### User guide: fix non stationary example (use diffuse_filter option instead of unit_root_vars)

parent 19a994af
 ... ... @@ -194,13 +194,6 @@ end;}\\ In general, the command \texttt{observation\_trends} specifies linear trends as a function of model parameters for the observed variables in the model.\\ \subsection{Declaring unit roots in observable variables} And finally, since P\_obs and Y\_obs inherit the unit root characteristics of their driving variables, technology and money, we must tell Dynare to use a diffuse prior (infinite variance) for their initialization in the Kalman filter. Note that for stationary variables, the unconditional covariance matrix of these variables is used for initialization. The algorithm to compute a true diffuse prior is taken from \citet{DurbinKoopman2001}. To give these instructions to Dynare, we write in the .mod\\ \\ \texttt{unit\_root\_vars P\_obs Y\_obs;}\\ \\ \textsf{\textbf{NOTE!}} You don't need to declare unit roots for any non-stationary model. Unit roots are only related to stochastic trends. You don't need to use a diffuse initial condition in the case of a deterministic trend, since the variance is finite.\\ \subsection{Specifying the steady state} Declaring the steady state is just as explained in details and according to the same syntax explained in chapter \ref{ch:solbase}, covering the \texttt{initval}, \texttt{steady} and \texttt{check} commands. In chapter \ref{ch:estbase}, section \ref{sec:ssest}, we also discussed the usefulness of providing an external Matlab file to solve for the steady state. In this case, you can find the corresponding steady state file in the \textsl{models} folder under \textsl{UserGuide}. The file is called \textsl{fs2000ns\_steadystate.m}. There are some things to notice. First, the output of the function is the endogenous variables at steady state, the \texttt{ys} vector. The \texttt{check=0} limits steady state values to real numbers. Second, notice the declaration of parameters at the beginning; intuitive, but tedious... This functionality may be updated in later versions of Dynare. Third, note that the file is really only a sequential set of equalities, defining each variable in terms of parameters or variables solved in the lines above. So far, nothing has changed with respect to the equivalent file of chapter \ref{ch:estbase}. The only novelty is the declaration of the non-stationary variables, $P\_obs$ and $Y\_obs$ which take the value of 1. This is Dynare convention and must be the case for all your non-stationary variables. ... ... @@ -225,7 +218,10 @@ end;}\\ We add the following commands to ask Dynare to run a basic estimation of our model:\\ \\ \texttt{estimation(datafile=fsdat,nobs=192,loglinear,mh\_replic=2000,\\ mode\_compute=4,mh\_nblocks=2,mh\_drop=0.45,mh\_jscale=0.65);}\\ mode\_compute=4,mh\_nblocks=2,mh\_drop=0.45,mh\_jscale=0.65,\\ diffuse\_filter);}\\ \textsf{\textbf{NOTE!}} Since P\_obs and Y\_obs inherit the unit root characteristics of their driving variables, technology and money, we must tell Dynare to use a diffuse prior (infinite variance) for their initialization in the Kalman filter. Note that for stationary variables, the unconditional covariance matrix of these variables is used for initialization. The algorithm to compute a true diffuse prior is taken from \citet{DurbinKoopman2001}. To give these instructions to Dynare, we use the \texttt{diffuse\_filter} option. Also note that you don't need to use the diffuse filter for any non-stationary model, only for when there is a unit-root, \textit{i.e.} a stochastic trend; you don't need to use a diffuse initial condition in the case of a deterministic trend, since the variance is finite.\\ \textsf{\textbf{NOTE!}} As mentioned earlier, we need to instruct Dynare to log-linearize our model, since it contains non-linear equations in non-stationary variables. A simple linearization would fail as these variables do not have a steady state. Fortunately, taking the log of the equations involving non-stationary variables does the job of linearizing them.\\ ... ... @@ -262,8 +258,6 @@ P\_obs (log(mst)-gam);\\ Y\_obs (gam);\\ end;\\ \\ unit\_root\_vars P\_obs Y\_obs;\\ \\ initval;\\ k = 6;\\ m = mst;\\ ... ... @@ -283,8 +277,6 @@ end;\\ // of your model, since the estimation will use the Matlab\\ // steady state file also provided and discussed above.\\ \\ steady;\\ \\ estimated\_params;\\ alp, beta\_pdf, 0.356, 0.02; \\ bet, beta\_pdf, 0.993, 0.002; \\ ... ... @@ -298,7 +290,8 @@ stderr e\_m, inv\_gamma\_pdf, 0.008862, inf;\\ end;\\ \\ estimation(datafile=fsdat,nobs=192,loglinear,mh\_replic=2000,\\ mode\_compute=4,mh\_nblocks=2,mh\_drop=0.45,mh\_jscale=0.65);}\\ mode\_compute=4,mh\_nblocks=2,mh\_drop=0.45,mh\_jscale=0.65,\\ diffuse\_filter);}\\ \\ \subsection{Summing it up} ... ...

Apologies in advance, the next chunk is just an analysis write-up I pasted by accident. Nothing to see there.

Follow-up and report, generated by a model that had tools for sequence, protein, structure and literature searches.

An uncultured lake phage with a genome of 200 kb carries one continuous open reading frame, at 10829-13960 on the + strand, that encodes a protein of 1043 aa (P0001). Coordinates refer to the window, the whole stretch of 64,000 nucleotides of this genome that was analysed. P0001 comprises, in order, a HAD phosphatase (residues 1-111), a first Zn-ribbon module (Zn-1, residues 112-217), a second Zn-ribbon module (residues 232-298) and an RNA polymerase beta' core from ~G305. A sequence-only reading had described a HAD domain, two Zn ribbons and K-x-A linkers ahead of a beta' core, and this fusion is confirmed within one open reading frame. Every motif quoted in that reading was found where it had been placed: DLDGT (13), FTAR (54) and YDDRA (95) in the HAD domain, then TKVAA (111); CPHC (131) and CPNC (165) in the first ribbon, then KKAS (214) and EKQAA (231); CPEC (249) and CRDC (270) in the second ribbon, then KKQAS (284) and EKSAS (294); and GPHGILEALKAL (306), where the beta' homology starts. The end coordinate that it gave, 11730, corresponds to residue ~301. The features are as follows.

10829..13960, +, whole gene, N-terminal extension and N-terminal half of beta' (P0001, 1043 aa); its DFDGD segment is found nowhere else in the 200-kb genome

... ... @@ -46,8 +46,6 @@ P_obs (log(mst)-gam); Y_obs (gam); end; unit_root_vars P_obs Y_obs; initval; k = 6; m = mst; ... ... @@ -67,8 +65,6 @@ end; // of your model, since the estimation will use the Matlab // steady state file also provided and discussed above. steady; estimated_params; alp, beta_pdf, 0.356, 0.02; bet, beta_pdf, 0.993, 0.002; ... ... @@ -82,4 +78,4 @@ stderr e_m, inv_gamma_pdf, 0.008862, inf; end; estimation(datafile=fsdat,nobs=192,loglinear,mh_replic=2000, mode_compute=4,mh_nblocks=2,mh_drop=0.45,mh_jscale=0.65); \ No newline at end of file mode_compute=4,mh_nblocks=2,mh_drop=0.45,mh_jscale=0.65,diffuse_filter); \ No newline at end of file
 % computes the steady state of fs2000 analyticaly % largely inspired by the program of F. Schorfheide function [ys,check] = fs2000a_steadystate(ys,exe) function [ys,check] = fs2000ns_steadystate(ys,exe) global M_ alp = M_.params(1); ... ...
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